Dr. Cindy (47:06):
I get that and I get that and I feel bad. I feel bad sometimes. And I hear parents say like, they’re overwhelmed and they’re consuming this content cuz I’m like, yeah, I’m part of it. But like you said, I think that it’s important that we remember that we’re doing this for a reason and we’re putting the information out there. And what I always tell parents is, this just gives you many ways of trying things. It’s not that there’s a right or wrong way, but it gives you many different ways of approaching your child with their emotions and many different, or a lot of language that you can use from different platforms and people that you learn from. And not everything, including from my information, will work on that particular child. I parent every child that I have very differently. Similar in some ways, but different in other ways.
So that’s the same thing when it comes to parenting information where the parents have to say, This makes sense for my family and for myself. I’ll try this and it’s okay if it doesn’t work, just move on to something else. But every child and every family and every parent is different. I think what I was having this discussion with my mother-in-law, I think it was last year, but she’s like, Oh, we never had any of this stuff and we just did it. We just parented and everybody turned out okay. And I was like, Yeah, well what’s okay? Our generation is not okay part in particular. But I was just explaining to her that I think our generation wants to do things differently. And it’s not that they did it wrong, we’re not pointing fingers cuz I’ll have this discussion with my mom as well where she’ll just say, You keep talking about you were raised in a way that wasn’t great.
And then she’s like, I listened to your podcast and I read your content and I did the best I could. And I said, I know you did the best you could. But now that I understand the research, I’m able to pinpoint what I wanna do differently. Doesn’t mean that it was right or wrong, I just, I’d like to do it a bit differently. And there’s things that I’m taking from her and there are things that I’m not, and I don’t want the grandparents to be offended, but I think this is why it’s important for us as these platforms and these parenting people, whatever we are like, to help…
Dr. Sarah (49:15):
Researchers though. That’s the thing. There’s people out there who are sharing lots of information about parenting and some of it is opinion, some of it is based off of their own experience. And that’s wonderful. But I think it’s really important to also know where you’re getting your information. And I’m not even implying that I know all the answers because I’m a psychologist, but I do put a lot of thought into presenting information in a way that is both mindful of the receiver of their own mental health and about what kind of pressure and potential even judgment or shame I might be creating for another person who’s taking in this information. And I don’t know that everybody does that. And I think there’s also a lot of information out there that’s just plain inaccurate.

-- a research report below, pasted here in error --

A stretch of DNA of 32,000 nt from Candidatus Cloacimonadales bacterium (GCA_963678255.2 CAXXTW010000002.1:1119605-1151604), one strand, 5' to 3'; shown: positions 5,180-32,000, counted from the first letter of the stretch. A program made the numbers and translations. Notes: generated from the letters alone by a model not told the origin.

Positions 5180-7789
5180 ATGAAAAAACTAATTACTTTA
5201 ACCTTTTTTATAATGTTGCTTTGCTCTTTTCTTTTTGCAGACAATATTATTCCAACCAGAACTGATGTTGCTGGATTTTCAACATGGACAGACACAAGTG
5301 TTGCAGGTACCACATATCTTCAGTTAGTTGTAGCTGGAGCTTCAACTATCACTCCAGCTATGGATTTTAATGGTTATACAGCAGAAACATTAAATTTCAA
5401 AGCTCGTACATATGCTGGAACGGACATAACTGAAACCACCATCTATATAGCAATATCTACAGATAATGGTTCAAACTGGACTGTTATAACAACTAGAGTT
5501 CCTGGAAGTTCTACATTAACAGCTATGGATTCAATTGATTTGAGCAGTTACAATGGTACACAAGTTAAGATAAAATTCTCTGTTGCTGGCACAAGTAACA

Dr. Cindy (50:02):
Dr. Sarah (50:04):
So it can be really, really kind of overwhelming for parents to be receiving contradictory information, Information that doesn’t have context or that’s taken out of context. And then I think so no, I think the work that you do is incredibly important because it is backed by research. And it’s not to say that our parents or the generation before us as a whole, we’re bad parents because we’re doing things differently. We have new information. Exactly. There’s new information. We know way more about the brain. I mean, the research on brain science didn’t even really start at the level that it’s at now. Until the nineties, there was so much more is known about brain development than there was when our parent generation was parenting. So it’s not about people being good or bad parents, it’s about expanding our strategies to encompass the most relevant and accurate information and research that we now know. Yeah, it’s nobody’s fault that they didn’t know what they didn’t know.
Dr. Cindy (51:10):
No, no, exactly. Especially when it comes to emotions. The brain research is relatively new. Emotion regulation research is just in its infancy. So, I think that’s where it’s okay that our parents didn’t implement that. They didn’t teach us appraisal, that they didn’t teach us no acceptance and problem solving, which are those really adaptive strategies to use for kids and for ourselves. We didn’t know. They didn’t know that. And it’s not pointing fingers. But now that we know that, I think as a society, we need to learn it and really start or continue the conversations around emotions. Because if we don’t show our children these skills in terms of naming their emotions, knowing how to identify them, knowing what to do, knowing how to recognize it in somebody else, knowing how to communicate it to their partner when they’re older, there will be issues there.